Welcome to the inside of my head
C'mon in...wipe your feet
Part of changing the interior colour of my wagon was to change the plastic moulding on the steering column. Since those parts aren’t particularly easy to swap, I figured it would be simpler to swap the entire steering column. While that’s not a simple process for us neophyte car guys, it’s not a terrible task to perform either. I’ll write up a how-to on removing the column itself later. What I want to cover here is the snag I ran into after moving the column from my wagon over to the donor car.
As everyone is probably aware, there is a security system in most cars that ensures that the key inserted in the ignition switch matches the one that is supposed to go with the car. These ‘91-‘96 GM B-Bodies are no different. The key is both cut to match the ignition cylinder as well as configured with a resistor the value of which is matched to the Pass-Key security module. Since I swapped out the steering column along with the ignition cylinder but not the Pass-Key module, the key to my wagon now fit in the ignition of the donor wagon but the resistor in the key wasn’t the correct value to permit the wagon to start. I had two options; replace the Pass-Key module, or swap out the ignition cylinders. The Pass-Key module is located well up under the dash so as to be difficult to reach. I thought it would be easier to swap out the steering column. While the web appears to be flush with folks who’ve done this, I had a lot of trouble finding a definitive set of instructions for it. My factory service manual covers the process but it cross references several other sections and an end-to-end process of how to do the swap isn’t something the book can do. I’m working on different steering columns so my pictures jump around a little between different cars but the information is consistent. I don’t recommend that anyone try this repair without a GM Factory Service Manual. The book contains a lot of assembly details that are really important. Many screws and nuts need to be torqued to specified values in order to assure proper fit and function and the book provides those specs.
To get at the ignition cylinder, we need to remove the steering wheel along with a surprising amount of equipment. Make sure that the front wheels are pointed straight ahead, the ignition cylinder is in the locked position and let’s get started!
Before beginning any work on the steering wheel it’s important to remember to take some safety steps and disable the Supplemental Inflatable Restraint (SIR) system. The early 90’s B-Body cars have two airbags as part of the SIR system. One is located on the top of the dash on the passenger side of the car and the other is mounted directly on the front of the steering wheel. Obviously if we’re going to remove the steering wheel, we need to make sure that the airbag doesn’t go off. Having something trigger that small explosive and make that airbag slam you in the face at close range is dangerous and can be fatal! We can disable the airbags either by disconnecting the battery before starting work or by disconnecting the airbag connectors on the steering column under the dash. The factory service manual recommends doing both. I’ll assume we all know where the battery is located so I’ll consider disconnecting that to be a no-brainer. The airbag connectors are made to be easily identifiable and therefore are made of bright yellow plastic with large labels on them identifying their function as SIR equipment. After disconnecting the battery, disconnect both of the two yellow connectors under the dash by the steering column.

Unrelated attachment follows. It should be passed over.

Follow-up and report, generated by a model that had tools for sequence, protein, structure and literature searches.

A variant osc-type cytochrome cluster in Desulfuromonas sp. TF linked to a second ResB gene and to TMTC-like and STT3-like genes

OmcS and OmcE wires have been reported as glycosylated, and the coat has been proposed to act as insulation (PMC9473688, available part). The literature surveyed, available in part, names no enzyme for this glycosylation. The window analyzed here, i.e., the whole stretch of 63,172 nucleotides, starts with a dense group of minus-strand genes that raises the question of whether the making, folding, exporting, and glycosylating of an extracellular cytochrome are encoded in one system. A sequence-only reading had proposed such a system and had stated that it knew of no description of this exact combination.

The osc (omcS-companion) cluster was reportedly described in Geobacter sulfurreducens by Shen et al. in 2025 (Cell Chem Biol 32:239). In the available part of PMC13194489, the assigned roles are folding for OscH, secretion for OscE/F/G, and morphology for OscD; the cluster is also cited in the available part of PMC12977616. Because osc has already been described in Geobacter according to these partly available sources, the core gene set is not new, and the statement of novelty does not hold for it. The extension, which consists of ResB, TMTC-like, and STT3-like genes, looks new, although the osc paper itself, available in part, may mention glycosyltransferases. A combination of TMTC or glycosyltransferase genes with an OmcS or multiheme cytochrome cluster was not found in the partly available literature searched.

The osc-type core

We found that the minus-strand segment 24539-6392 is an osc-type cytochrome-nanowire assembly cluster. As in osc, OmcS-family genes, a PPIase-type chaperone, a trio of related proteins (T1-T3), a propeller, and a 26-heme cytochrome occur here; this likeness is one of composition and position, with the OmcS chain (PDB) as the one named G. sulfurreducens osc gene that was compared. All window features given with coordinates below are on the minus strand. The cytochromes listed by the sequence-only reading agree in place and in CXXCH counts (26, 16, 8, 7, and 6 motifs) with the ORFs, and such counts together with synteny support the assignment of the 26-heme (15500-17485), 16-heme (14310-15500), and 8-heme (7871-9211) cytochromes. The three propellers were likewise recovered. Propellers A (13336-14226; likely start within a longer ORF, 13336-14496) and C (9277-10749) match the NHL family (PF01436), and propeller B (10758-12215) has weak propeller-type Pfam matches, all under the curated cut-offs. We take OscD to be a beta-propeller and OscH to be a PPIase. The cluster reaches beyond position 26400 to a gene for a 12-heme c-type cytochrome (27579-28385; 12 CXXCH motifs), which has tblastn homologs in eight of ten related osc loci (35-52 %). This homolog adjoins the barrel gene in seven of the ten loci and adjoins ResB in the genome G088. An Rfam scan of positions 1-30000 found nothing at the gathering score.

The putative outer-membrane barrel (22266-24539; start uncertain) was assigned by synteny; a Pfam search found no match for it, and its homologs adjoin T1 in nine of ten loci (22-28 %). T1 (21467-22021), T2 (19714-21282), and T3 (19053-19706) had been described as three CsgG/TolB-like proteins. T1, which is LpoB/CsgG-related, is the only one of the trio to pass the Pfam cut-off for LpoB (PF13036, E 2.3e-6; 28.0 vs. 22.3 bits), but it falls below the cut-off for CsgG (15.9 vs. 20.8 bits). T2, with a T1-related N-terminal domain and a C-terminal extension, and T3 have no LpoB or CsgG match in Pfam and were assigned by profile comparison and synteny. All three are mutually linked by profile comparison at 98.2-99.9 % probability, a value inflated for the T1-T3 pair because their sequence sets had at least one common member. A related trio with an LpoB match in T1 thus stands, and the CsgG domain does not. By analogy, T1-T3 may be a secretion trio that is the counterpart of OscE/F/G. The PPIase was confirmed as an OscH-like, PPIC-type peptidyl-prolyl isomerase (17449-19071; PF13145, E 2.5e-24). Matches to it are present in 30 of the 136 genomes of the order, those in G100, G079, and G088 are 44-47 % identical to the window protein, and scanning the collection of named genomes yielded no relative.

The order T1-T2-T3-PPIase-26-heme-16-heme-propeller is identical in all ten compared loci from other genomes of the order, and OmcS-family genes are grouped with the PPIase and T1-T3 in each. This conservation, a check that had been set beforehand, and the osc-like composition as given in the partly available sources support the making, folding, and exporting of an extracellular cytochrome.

With the battery and airbags disconnected we’re good to go.
Start by removing the hazard light switch.
Next locate the two Torx head bolts on the back of the steering wheel. These two bolts hold the airbag onto the steering wheel.
Take care when removing the airbag. Take care when handling the airbag in general. For all intents and purposes, that airbag is an explosive and can pose a danger if mishandled. When removing the airbag, do so gently and slowly both to ensure that the airbag is handled correctly as well as to avoid damaging the connectors underneath. If the airbag is allowed to drop, the horn connectors can be damaged (…as I learned from experience). Once the airbag is removed from the steering wheel, disconnect the horn switches and the airbag connector and put the airbag aside.
Remove the large nut holding the steering wheel onto the column shaft. Remember that a torque wrench will be required to tighten down that nut later. Check to see that one is on hand now to avoid having to get it later. The ground wire for the horn switches is just a copper clip that inserts into the threaded holes on the wheel that are used for the steering wheel removal tool. The positive horn connector passes through the steering wheel. Simply grasp the plastic shaft surrounding the red wires, gently press it into the wheel and twist to remove.